I was also ready to entertain thoughts beyond grief. I had a really meaningful talk one morning with Alice Strong Simmons,who was the Central Area Vice Director at the time. She lost her brother forty years prior. “It was so long ago. How do you remember him now?” I asked. I was feeling very insecure about forgetting things about Kesner. “I created a memory book. And whenever I want to be with him, I just go and sit with my book.” A memory book. Brilliant, I thought. If I were to create a memory book for Kesner it would have to be absolutely perfect. I would spend the next few months keeping my eyes open for someone who could help me with this.

The climax of the convention was my mom’s win. The room erupted into applause after she gave her campaign speech and then again when she was elected 15th National President of theLinks Inc.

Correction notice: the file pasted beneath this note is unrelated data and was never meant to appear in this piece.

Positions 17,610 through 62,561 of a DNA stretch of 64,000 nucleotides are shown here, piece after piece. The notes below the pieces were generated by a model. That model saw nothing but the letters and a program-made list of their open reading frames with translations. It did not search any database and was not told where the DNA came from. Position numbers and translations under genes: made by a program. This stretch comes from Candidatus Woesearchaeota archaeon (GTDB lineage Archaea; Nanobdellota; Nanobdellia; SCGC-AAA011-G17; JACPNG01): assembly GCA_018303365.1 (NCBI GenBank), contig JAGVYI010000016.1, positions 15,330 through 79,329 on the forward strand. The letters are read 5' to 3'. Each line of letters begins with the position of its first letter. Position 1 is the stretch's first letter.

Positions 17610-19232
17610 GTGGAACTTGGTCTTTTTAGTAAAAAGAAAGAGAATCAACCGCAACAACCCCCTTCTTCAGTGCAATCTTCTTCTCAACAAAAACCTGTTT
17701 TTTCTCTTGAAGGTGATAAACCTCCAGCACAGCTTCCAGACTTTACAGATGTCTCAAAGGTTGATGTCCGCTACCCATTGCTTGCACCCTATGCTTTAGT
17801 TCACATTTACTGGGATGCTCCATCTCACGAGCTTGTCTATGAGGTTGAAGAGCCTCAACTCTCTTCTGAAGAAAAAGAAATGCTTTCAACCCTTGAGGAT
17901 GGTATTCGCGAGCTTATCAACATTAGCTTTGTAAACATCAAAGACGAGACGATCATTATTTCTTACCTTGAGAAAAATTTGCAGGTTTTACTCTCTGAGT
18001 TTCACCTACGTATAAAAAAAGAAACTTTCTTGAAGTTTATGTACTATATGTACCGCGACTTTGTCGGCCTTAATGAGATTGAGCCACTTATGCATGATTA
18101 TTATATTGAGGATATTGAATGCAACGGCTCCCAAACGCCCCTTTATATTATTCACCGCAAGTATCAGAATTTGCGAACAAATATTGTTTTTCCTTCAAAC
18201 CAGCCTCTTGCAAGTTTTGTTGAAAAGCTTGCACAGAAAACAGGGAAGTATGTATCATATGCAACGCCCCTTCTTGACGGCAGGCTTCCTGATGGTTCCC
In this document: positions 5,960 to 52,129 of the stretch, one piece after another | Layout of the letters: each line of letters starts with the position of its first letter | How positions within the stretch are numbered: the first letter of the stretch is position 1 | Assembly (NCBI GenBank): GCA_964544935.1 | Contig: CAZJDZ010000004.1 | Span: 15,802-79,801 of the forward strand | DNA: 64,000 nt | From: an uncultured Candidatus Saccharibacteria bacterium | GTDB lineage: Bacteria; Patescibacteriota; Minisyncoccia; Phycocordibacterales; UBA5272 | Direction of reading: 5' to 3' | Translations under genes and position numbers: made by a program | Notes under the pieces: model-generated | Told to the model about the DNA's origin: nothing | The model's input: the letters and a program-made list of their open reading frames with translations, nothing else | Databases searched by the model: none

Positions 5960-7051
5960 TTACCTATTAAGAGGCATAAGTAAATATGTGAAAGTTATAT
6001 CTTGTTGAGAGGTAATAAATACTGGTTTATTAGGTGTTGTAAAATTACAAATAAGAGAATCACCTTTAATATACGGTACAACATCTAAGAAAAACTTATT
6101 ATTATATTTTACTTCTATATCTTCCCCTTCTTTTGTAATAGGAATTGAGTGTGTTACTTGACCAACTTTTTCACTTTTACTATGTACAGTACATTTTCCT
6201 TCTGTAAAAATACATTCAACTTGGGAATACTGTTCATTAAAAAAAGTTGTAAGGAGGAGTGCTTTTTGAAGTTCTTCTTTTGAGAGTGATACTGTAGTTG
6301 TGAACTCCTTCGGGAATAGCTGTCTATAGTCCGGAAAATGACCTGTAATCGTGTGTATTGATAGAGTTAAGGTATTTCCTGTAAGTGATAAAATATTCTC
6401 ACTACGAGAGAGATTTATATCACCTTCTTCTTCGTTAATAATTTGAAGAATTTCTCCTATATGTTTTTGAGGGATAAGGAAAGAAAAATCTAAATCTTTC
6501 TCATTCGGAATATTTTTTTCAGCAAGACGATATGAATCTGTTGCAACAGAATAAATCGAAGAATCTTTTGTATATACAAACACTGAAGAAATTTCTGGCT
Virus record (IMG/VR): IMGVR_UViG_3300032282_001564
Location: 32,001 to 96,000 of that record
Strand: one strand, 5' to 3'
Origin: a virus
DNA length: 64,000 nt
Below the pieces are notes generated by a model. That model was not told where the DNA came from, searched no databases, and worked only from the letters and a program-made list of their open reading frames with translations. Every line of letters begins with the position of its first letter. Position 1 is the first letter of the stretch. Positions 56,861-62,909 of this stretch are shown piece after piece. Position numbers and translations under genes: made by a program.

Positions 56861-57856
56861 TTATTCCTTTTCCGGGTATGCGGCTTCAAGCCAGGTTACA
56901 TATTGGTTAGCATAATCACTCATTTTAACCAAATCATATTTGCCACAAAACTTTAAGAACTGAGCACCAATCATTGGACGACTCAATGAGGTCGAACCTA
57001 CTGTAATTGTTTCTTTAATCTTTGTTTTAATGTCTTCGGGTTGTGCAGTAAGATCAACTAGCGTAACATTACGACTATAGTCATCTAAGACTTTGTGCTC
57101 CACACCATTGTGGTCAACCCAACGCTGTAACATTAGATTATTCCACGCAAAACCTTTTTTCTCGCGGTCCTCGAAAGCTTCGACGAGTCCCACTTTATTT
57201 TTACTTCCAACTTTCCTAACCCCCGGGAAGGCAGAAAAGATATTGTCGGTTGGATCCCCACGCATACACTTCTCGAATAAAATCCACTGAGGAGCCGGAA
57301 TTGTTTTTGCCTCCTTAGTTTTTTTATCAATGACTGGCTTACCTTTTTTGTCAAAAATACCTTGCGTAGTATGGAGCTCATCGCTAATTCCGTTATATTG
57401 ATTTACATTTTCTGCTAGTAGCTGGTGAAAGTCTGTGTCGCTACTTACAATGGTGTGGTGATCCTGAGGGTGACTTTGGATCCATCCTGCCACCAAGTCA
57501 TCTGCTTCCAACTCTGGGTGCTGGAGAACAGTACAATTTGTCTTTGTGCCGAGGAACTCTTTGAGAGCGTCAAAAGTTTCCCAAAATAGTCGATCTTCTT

My mom (far left) and her newly elected executive team at the White Rose Banquet in Detroit

She was brilliant and I was so proud of her. She really was the right choice for our organization. It was all very exciting and it was hard not to get swept up.

On the final afternoon of the convention, my brother – The Man, came to town. He was there to see my mom get sworn into office and it was so good to see him. We stole away for a few moments and went for a walk. On our walk we saw two women dining outside. One woman was my chapter member and the other was a woman that I’d been making a point to snub for the past few months. I’d met her a year prior at a luncheon. She’d invited me to sit at her table then asked me to get up when she thought someone more interesting might want to sit there. The interesting person never showed up and I ended up being invited back to the table, but not without a chip on my shoulder.